Look in the dugout. There he is. Tall and lanky, but easy to miss. You can look right past him. Utterly unremarkable. Colorless, odorless. The Reimold leak.

So here’s to Nolan Reimold: the Bad Penny of Baltimore, the Boomerang of the Beltway, the Rasputin of Russell Street. Raise a glass to invisibility, to squeezing every drop out of a less-than-stellar career and to that slow, hissing leak that has kept him on the big-league roster.




  • Well, wow, Patrick. That has to be one of the most vindictive, self-aggrandizing articles I’ve ever read. It’s toxic, really–while we’re on the subject of gas leaks. “Athlete’s foot”? “Persistent fungus”? Really? Did you forget while you were putting together this oh-so-clever-and-witty opinion that this is not just an athlete but also a man–somebody’s father, somebody’s son, somebody’s husband? And it’s not like this is a player who’s out there courting media scrutiny, begging for your attention. Instead, he is a guy who, as you say, “keeps showing up.” Reimold may not be the Orioles’ biggest name, but he’s a dedicated, nose-to-the-grindstone athlete who *does* keep showing up, playing the role he’s given, working his ass off for the opportunities he earns. He’s one of the many Everyman players in the MLB who are out there daily doing their damnedest to perform when they’re called upon–and doing so with their work ethics, principles and even a little loyalty still intact. It’s incredibly shitty for you to castigate the man for being a decent ball player, for doing his job. And it’s worse to dredge up rumors about his family to add a little “color” to your editorial. You come off as neither humorist nor journalist, but as a bullying, snarky harpy.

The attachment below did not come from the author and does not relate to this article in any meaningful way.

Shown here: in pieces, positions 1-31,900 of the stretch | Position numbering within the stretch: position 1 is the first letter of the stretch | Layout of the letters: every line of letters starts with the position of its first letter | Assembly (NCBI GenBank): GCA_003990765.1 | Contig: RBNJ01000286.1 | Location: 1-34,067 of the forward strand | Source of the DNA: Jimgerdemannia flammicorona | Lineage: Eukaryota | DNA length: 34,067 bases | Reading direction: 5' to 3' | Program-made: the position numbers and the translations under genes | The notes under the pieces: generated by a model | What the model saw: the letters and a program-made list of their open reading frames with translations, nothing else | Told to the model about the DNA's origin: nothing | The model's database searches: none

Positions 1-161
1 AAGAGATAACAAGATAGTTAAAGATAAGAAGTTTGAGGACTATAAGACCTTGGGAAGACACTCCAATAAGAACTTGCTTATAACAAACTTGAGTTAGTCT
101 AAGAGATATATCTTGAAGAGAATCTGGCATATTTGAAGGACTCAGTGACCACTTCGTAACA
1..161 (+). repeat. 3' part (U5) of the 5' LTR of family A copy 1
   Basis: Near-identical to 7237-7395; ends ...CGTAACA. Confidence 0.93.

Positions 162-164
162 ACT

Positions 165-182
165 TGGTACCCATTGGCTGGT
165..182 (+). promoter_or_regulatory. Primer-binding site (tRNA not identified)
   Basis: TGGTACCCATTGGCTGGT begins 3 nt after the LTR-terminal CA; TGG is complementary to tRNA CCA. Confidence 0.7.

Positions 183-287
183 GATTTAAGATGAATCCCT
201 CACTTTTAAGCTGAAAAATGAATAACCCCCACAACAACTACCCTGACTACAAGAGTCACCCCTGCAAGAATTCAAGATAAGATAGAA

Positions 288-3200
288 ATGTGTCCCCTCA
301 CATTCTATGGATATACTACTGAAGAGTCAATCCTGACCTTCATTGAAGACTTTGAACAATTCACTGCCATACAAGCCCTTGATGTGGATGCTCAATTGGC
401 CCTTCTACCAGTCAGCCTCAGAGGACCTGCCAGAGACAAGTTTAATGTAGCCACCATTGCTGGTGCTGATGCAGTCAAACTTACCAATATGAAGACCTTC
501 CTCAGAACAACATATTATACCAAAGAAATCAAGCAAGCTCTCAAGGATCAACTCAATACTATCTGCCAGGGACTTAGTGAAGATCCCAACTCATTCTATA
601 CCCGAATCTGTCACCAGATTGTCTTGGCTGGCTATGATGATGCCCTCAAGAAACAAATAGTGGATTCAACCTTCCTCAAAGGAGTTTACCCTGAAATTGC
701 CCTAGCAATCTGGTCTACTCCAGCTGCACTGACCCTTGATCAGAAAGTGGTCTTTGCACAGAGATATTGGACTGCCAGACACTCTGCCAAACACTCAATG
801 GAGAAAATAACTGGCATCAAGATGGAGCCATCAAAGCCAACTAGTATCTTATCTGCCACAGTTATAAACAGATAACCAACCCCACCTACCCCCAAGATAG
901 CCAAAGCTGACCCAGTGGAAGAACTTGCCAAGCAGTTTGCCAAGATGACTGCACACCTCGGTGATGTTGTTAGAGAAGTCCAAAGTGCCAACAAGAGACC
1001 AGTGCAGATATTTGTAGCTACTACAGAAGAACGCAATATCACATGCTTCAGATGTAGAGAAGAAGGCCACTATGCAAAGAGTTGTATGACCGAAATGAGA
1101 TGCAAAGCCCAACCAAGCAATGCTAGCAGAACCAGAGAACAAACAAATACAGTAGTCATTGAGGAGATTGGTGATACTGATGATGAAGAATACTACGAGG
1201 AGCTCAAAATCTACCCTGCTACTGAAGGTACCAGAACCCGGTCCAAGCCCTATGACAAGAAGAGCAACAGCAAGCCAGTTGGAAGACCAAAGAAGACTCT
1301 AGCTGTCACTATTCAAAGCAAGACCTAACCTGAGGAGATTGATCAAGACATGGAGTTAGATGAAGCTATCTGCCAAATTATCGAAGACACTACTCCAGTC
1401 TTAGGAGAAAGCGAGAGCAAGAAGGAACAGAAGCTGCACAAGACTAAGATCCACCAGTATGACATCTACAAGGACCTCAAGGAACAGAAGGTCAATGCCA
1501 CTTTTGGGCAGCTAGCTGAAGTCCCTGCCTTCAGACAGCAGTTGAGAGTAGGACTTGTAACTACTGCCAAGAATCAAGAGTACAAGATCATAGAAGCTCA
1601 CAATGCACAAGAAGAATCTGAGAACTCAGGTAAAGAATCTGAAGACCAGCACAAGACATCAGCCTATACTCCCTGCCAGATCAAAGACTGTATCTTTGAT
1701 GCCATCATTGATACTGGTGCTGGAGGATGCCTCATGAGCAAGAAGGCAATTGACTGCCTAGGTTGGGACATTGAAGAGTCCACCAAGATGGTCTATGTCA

• Thank you for reading and for the comment. We’re a baseball humor site. Reimold’s got a funny story. If you didn’t like the way I told the story, I understand and I’d invite you to stick with us and see what we’re about. If you continue to dislike what we do, then we’ll wish you all the best and encourage you to visit sites more to your liking.

      Listen, I have nothing against the guy. I’m an O’s fan. I root for Reimold. I didn’t write anything that “castigates” him; I’m marveling at his ability to hang on with the Orioles. I did compare him to a fungus a couple times, but did it in fun. (Again with the humor.) As you point out, we should all strive to keep showing up, even when things look bad. I salute that.

      Also, I didn’t “dredge up rumors about his family.” Please read closely. I referred very briefly to well-known rumblings early in his career. Again, it’s pretty clear those rumblings — whatever they were — are worked out now.

      Obviously, he’s a son/brother/husband/father before he’s a big-league ballplayer. No reason to think he doesn’t excel at each of those roles. If I thought Reimold or his family were the least bit troubled, I wouldn’t poke any fun.

      Thanks again for reading and for the comment. We hope you’ll stick around.

    • He freakin sucks, Murphy.